This site uses cookies to offer you a better browsing experience. Find out more about how to manage cookies, or dismiss this message and continue to use cookies.

What is GPS accuracy? Testing the Garmin GLO in the forest

Boyd 1725 Points
edited December 2015 in GPS Discussions
Have been working on a pet project over the past week. I've been mapping the little trails on my property with various GPS devices for almost 10 years now. Have gotten very inconsistent tracks with a Garmin eTrex Legend C, GPSMap 60csx, Oregon 400t and Montana 600 in the past. So I figured it was about time to see how well the Garmin GLO bluetooth GPS receiver performed.

There are about 1.4 km of trails on my land, and over the course of a week I racked up a total of 26.7 km walking them over and over (and over....). :) These trails are very narrow, about 1/2 meter wide. I clipped the GLO to my cap so my body wouldn't interfere with the GPS signals and recorded the track with the Galileo app on my iPhone 6s Plus. The GLO is capable of providing 10 position updates per second, and a quick look at the tracklogs showed that Galileo was recording an average of 6 per second.

The forest canopy is very dense and it's hard to see the trails on aerial imagery. But there's one area where I can just make them out on the New Jersey 2012 orthophotography. So I picked this area to do a little analysis of my data. I have traced the trail positions in red here.

Note - you should be able to see the full sized images by clicking on them. This works fine for me in Firefox on my Windows PC, but for some reason it doesn't seem to work in Safari on my Mac. If the images don't expand when you click them, try right-clicking (or control-clicking the Mac) and you can open them in another window.

image

Now according to the metadata, the NJ 2012 orthophotography has a resolution of 1 foot per pixel and +/- 4 foot horizontal positional accuracy with 95% confidence. Here is the same map with 4 foot buffers around the trails. Theoretically, the actual position of the trails falls somewhere inside the blue shaded area.

image

And here are the raw tracks overlaid on the map.

image

Next, I converted the tracks to points. There are a total of 23,964 track points on the map, each is represented by a one pixel white dot. 50% of the track points fall within the +/- 4 foot margin of error of the aerial imagery. To make it easier to see, I will use a solid color background for these illustrations.

image

I did some further examination, and based on this test I think we can conclude that the GLO achieves an accuracy of better than +/- 4 meters 95% of the time.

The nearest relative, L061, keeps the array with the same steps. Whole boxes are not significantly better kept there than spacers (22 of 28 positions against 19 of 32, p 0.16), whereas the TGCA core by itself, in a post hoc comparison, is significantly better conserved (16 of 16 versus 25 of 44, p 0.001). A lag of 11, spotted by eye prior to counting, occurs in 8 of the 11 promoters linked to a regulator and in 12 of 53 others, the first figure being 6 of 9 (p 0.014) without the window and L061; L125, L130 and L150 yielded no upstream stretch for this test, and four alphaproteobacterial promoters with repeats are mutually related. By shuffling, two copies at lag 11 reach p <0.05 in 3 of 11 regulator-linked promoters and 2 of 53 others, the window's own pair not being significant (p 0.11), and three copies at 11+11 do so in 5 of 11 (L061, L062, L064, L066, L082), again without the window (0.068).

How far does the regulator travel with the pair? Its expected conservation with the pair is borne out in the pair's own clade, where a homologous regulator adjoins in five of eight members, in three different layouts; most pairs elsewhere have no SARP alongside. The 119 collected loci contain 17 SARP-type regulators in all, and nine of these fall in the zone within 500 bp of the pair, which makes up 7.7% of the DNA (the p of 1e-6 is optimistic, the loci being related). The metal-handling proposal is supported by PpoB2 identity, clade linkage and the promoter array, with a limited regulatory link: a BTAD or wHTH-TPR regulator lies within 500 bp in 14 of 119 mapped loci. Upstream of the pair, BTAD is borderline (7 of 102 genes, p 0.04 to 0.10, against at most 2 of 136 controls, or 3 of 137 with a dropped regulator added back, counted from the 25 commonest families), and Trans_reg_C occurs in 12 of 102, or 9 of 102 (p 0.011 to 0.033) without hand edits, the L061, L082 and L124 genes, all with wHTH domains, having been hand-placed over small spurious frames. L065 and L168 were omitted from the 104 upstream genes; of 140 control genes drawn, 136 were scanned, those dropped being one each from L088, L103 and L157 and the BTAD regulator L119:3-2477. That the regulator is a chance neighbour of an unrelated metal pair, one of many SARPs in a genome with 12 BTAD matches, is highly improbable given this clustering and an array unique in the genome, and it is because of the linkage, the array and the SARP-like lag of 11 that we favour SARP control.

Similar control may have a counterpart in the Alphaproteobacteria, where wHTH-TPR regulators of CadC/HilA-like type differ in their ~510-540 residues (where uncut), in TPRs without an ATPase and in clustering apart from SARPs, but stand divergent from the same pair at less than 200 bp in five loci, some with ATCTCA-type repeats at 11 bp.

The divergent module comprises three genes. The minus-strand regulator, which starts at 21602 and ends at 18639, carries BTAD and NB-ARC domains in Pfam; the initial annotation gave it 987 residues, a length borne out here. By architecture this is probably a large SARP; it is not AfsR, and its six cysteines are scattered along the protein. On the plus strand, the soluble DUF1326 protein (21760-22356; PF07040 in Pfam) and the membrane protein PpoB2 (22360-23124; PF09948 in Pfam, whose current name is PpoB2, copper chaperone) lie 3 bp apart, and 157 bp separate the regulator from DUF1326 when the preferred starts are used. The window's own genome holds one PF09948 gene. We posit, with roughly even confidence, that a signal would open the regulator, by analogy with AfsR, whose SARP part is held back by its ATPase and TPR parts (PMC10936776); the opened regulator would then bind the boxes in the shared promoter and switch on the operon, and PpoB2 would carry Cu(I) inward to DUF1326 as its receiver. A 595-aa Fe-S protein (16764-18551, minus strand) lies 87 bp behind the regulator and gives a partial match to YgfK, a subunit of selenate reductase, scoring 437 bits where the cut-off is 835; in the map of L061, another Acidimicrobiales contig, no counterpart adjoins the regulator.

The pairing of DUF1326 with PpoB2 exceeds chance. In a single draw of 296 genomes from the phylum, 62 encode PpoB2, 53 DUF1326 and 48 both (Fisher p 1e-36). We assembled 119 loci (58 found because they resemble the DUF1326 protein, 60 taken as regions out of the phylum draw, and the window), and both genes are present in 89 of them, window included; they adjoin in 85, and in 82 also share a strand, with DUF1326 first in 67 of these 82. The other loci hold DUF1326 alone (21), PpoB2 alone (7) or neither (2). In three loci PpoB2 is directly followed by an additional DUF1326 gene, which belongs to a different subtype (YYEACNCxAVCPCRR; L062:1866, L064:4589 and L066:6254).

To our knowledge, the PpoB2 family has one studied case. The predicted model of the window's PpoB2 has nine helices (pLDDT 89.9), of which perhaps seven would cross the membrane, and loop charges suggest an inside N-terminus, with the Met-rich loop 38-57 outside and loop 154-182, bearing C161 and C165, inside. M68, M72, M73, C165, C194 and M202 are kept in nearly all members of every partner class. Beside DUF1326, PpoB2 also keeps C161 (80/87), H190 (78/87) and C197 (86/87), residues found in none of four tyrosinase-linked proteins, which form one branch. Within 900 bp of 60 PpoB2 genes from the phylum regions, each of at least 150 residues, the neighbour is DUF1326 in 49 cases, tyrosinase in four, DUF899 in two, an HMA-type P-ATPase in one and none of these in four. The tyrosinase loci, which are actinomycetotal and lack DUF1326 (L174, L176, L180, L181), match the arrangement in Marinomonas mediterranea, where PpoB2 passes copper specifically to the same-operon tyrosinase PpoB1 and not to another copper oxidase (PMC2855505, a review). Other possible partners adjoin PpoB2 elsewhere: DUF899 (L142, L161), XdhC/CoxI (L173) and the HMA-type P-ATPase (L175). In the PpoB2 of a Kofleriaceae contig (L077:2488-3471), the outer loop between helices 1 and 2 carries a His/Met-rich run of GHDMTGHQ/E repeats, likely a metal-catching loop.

image

It appears accurate within +/- 3 meters 89% of the time and within +/- 2 meters 73% of the time.

image

image

Of course I would like to have seen a tighter pattern of track points, but remember these images are zoomed WAY in. These tracks look a lot cleaner than anything I've recorded with my other Garmin devices and it's nice to have 6 position fixes per second (Garmin handhelds only provide one fix per second). All things considered, I think the GLO performs quite well for a $90 device. :)

All of these images were created with GlobalMapper. It was necessary to use double-precision coordinates or the data was really mangled at these high zoom levels. Consumer software like Basecamp is not capable of this kind of precision.

Would be interested to hear your thoughts on my methodology and conclusions. Am I guilty of pseudo-science here? ;)

Comments

  • Tim 1456 Points
    I'm sure many of us could nitpick on some parts of the methodology, but I would be surprised if anyone actually goes out and does this and improves on what you've done. So bravo!

    From what I recall, at least many years ago, Garmin used a 50% benchmark to determine the accuracy estimate coming out of the GPS. For those who haven't heard about this before, basically they were (and maybe still are) tuning their estimated accuracy field to be accurate 50% of the time. So if the GPS says it thinks it is currently accurate to within 5 meters, that will be true 50% of the time and false 50% of the time.

    Given that 50% of your points were within 4 feet of the margin of error from the images themselves, Garmin might therefore suggest that the GLO achieves 4 foot accuracy. Not too shabby.

    While I have no idea what is being used for a processor in the GLO versus other Garmin devices, I wonder if the fact that the processor is dedicated to crunching GPS data only and not doing anything else helps contribute to the great accuracy being displayed here.

    I have a potential mapping project coming up next summer... sounds like GLO it will be.
  • Tim 1456 Points
    Oh, and it should be noted that Garmin claims 3 meter accuracy for the GLO.
  • Boyd 1725 Points
    edited December 2015
    Thanks Tim. :) Do you really think Garmin uses a 50% number? That would be a little deceptive, although I've never had any faith in those "accuracy" numbers. We discussed this way back in 2009: http://forums.gpsreview.net/discussion/comment/97067/#Comment_97067

    Look at the white paper linked to in that thread. I don't know whether or not that is true or whether it applies to newer devices.
    ______________

    "The estimated positional error (EPE) is really HPE (horizontal positional error). On the new Garmins (GPSMap 76, 76s’s and V’s, etc.) the EPE is approximately at a 95% (or 2 sigma) confidence level when you are not using differential corrections (WAAS or NDGPS) this drops to a 68% (or 1 sigma) confidence level when you are using differential corrections."
    ______________

    Interesting theory about the GLO processor. I think it's nice to have so many position updates per second as compared to a handheld. It provides much smoother track lines. AFAIK, all Garmin handhelds still have a limit of 10,000 points in a track. I was recording track at 6 points/second continuously for over an hour on a few outings, producing logs with over 20,000 points. Galileo had no problem with that. Don't know what kind of limits other apps might have.

    Ultimately, my goal is to make a very accurate map of my trail network, and that's difficult down by the creek with heavy coniferous tree cover. The tracks are starting to suggest where the trail is, but I'll have to keep walking to get 1 meter accuracy. :)